Tamil Nadu governor Vidyasagar Rao is deliberately delaying Sasikala’s swearing in | Opinion

The governor cannot hide behind the impending decision of the Supreme Court against the acquittal of Sasikala by the Karnataka high court. If convicted, Sasikala can simply step down.

opinion Updated: Feb 09, 2017 18:32 IST
Tamil Nadu,VK Sasikala,O Panneerselvam
AIADMK general secretary VK Sasikala shows the victory sign as she comes out to address media at Poes garden in Chennai on Wednesday.(PTI)

“The good governor should have a broken leg and keep at home,” wrote Spanish writer Miguel de Cervantes.

In other words, a governor has to be above politics and must be seen as impartial and fair. But 70 years of India’s independence show that the office of governor has been an assault on federalism at best and constitutional despotism at worst.

C Vidyasagar Rao, governor of Maharashtra, is officiating as governor of Tamil Nadu for last six months. Why does a big state like Tamil Nadu, with 77.88 million people, remain without a regular governor is not known.

In the Arunachal Pradesh case, the Supreme Court observed that governors give a “thrashing to the Constitution and a spanking to governance.” In this respect, The BJP-appointed governors are in no way different from Congress governors.

What Constitution says on chief minister’s appointment

Article 164(1) of the Constitution says the governor will appoint the chief minister but doesn’t specifically state that the leader of the majority party is to be appointed as chief minister.

In case of a hung assembly or defections leading to loss of majority of CM, the governor gets some room of manoeuvring.

But the well-established convention is that governor does not have unfettered discretion in this matter.

Discretion does not mean unrestricted or arbitrary power. The governor has no choice but to invite the leader of the majority party.

Constitutional conventions of this type are as important or sacred as the text of the Constitution. Conventions provide the flesh which clothes the dry bones of the textual provisions.

Parliamentary democracy is the basic structure of our Constitution. Every governor takes an oath under Article 159 “to preserve, protect and defend the Constitution and submit himself to the service and well -being of people of the state”.

He must hold the scales impartially between various factors in the politics of the state. By depriving the people of Tamil Nadu from having an elected government, the governor seems to be in violation of his oath.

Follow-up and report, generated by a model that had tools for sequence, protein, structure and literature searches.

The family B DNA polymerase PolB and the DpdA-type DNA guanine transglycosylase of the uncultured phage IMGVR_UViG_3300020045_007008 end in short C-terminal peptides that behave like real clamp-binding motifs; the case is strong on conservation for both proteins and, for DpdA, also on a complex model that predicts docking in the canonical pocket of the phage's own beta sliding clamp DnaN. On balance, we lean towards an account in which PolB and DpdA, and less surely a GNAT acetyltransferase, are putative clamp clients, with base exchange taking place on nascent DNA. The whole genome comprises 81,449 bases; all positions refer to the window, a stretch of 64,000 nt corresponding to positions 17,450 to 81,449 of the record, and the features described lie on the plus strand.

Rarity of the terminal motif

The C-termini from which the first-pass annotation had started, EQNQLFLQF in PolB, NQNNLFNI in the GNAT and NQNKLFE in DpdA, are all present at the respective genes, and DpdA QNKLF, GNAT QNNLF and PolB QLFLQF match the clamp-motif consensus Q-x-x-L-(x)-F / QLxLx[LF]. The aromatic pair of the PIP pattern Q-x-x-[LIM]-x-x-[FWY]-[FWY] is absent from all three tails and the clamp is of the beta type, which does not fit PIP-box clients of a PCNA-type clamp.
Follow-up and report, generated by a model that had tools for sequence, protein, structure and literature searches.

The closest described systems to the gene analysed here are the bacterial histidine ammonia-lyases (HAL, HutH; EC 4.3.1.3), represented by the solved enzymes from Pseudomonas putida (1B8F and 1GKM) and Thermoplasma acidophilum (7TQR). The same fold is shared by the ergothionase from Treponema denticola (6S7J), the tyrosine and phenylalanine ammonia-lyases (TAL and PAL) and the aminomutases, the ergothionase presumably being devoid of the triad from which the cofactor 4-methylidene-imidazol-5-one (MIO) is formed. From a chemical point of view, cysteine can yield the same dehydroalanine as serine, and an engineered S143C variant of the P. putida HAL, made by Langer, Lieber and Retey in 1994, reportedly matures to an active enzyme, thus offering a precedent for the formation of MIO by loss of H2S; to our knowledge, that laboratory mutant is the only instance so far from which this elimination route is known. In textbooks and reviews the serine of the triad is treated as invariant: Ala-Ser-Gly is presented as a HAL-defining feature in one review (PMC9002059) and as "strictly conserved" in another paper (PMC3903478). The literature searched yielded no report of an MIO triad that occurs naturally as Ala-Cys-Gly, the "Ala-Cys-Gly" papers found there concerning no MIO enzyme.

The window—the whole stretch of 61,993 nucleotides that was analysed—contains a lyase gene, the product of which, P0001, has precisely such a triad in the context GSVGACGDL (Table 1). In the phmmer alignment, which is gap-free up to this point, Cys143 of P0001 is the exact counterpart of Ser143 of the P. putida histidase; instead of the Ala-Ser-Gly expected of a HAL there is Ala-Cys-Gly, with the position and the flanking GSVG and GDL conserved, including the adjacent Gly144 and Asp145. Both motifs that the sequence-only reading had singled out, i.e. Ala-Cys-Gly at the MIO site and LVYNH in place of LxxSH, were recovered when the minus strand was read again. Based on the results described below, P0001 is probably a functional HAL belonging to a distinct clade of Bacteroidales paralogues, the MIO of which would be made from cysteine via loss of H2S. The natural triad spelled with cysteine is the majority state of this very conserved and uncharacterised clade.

Panneerselvam’s resignation cannot be withdrawn

On February 4, AIADMK legislative party elected VK Sasikala. The name was proposed by the outgoing chief minister O Panneerselvam who had put in his papers to make way for Sasikala. Within hours of former chief minister J Jayalalithaa’s death on December 5, 2016, Panneerselvam was administered oath as the CM by the same governor. Thus the delay this time on the part of governor in swearing in Sasikala is clearly deliberate.

Panneerselvam has now revolted against Sasikala and plans to withdraw his resignation. He does not know that once a resignation has been accepted, it cannot be withdrawn. Meanwhile, Sasikala has demonstrated support of 131 MLAs. The majority mark in 234 Assembly is 117. Thus the MLAs are solidly behind Sasikala.

Moreover, the governor cannot hide behind the impending decision of the Supreme Court on a petition challenging the acquittal of Sasikala by the Karnataka high court. If Sasikala is convicted, she will have no option but to step down.

Rao is finally reaching Chennai today. As a lawyer he knows that he hardly has any choice. One hopes instead of playing politics, he would behave like a statesman and clear the clouds of uncertainty and appoint Sasikala as chief minister.

Faizan Mustafa is vice-chancellor, NALSAR University of Law, Hyderabad

The views expressed are personal

First Published: Feb 09, 2017 10:05 IST